The Spectrum Analyzer is not your mom’s pokey old FFT with frequency bins of equal width (and poor resolution for bass frequencies). CEDAR’s analyzer is about 5,000 times more accurate and, among other things, allows you to display the average amplitude at each frequency, the peak value at each frequency or the minimum value at each frequency, each calculated from the moment you select the mode until it is cancelled.

Dither offers five bit depths (off, 16, 18, 20 and 24), four dither sources (off, tpdf, gpdf and hptpdf) and five noise-shaping curves (off, first order, curve A, curve B1 and curve B2).

Two-channel tools allow you to apply the meters and tools to any two channels from the system’s eight. There’s a Lissajous figure with a balance meter that has a range of 30 dB in either direction. You can specify the gain differential between the two selected channels with the balance control and auto-balance automatically centers the output signal. Output modes include normal, mono sum and mono difference. You can invoke two instances of M/S encode and decode and place processing modules between them for a wide range of effects.

The Metering module is an 8-channel meter that provides simultaneous amplitude metering of all channels selected in the channel selector. Information for each channel includes RMS metering, peak metering, peak hold with a hold time of one second and peak hold from the most recent reset.

The Dedicated Gain module works as an input gain control, output “makeup” gain or a gain boost anywhere in the processing chain.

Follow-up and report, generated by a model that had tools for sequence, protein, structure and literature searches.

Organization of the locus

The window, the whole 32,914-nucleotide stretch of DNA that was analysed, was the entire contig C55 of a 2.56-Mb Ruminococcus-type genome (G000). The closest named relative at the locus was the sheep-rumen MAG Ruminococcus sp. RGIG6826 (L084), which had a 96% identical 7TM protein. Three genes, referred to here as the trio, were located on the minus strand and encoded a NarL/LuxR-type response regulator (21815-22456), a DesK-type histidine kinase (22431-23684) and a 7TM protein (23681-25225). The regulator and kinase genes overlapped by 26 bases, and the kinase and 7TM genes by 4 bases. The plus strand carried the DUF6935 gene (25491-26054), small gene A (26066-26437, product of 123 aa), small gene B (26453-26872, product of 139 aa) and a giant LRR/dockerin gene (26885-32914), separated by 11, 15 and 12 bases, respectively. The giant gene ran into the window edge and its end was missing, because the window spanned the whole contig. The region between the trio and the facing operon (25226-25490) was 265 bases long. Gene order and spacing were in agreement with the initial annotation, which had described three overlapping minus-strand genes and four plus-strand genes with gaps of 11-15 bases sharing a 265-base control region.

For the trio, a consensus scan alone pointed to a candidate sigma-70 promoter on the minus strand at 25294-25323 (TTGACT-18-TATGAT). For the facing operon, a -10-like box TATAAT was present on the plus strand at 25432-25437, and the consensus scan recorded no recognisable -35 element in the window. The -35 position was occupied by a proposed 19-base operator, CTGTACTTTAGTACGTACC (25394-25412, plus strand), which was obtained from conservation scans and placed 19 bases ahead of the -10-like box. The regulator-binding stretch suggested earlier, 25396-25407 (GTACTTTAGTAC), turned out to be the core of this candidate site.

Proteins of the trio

When you need “quick-and-clean” noise reduction for hiss and simple broadband noise, Dehiss-3 — with threshold, attenuation and brightness controls — allows you to dial in noise suppression with a minimum of fuss (and skill). Although operating Dehiss-3 is straightforward (you “locate” the noise level with the threshold control and then “remove” it with attenuation), it’s important to note that brightness is not a tone control but a “noise character” control used to compromise between various side effects.

The more complex NR-4 allows more attention to detail and provides a sophisticated set of parameters for the delicate tweezing necessary in CD remastering, soundtrack restoration, post and audio analysis. I used NR-4 on a surround solo cello recording that suffered from a large, low HVAC rumble and poorly placed air returns. The results were simply stunning. The four separate NR-4 areas (noise fingerprint, noise reduction, noise-free/wanted signal EQ and modeling/brightness) allow you to make an intelligent compromise between reducing noise to an acceptable level while leaving the program material as pristine as possible.

Those familiar with single-ended noise-reduction schemes will recognize the noise fingerprint as the sample-capture routine that makes a mathematical model of the noise to be removed. Unlike simpler systems, NR-4 allows you to edit the fingerprint manually or create one with drawing tools. For those of us who receive material to master where the mix engineer has decided to do tight head and tail edits, this control can mean the difference between success or failure on a troublesome track.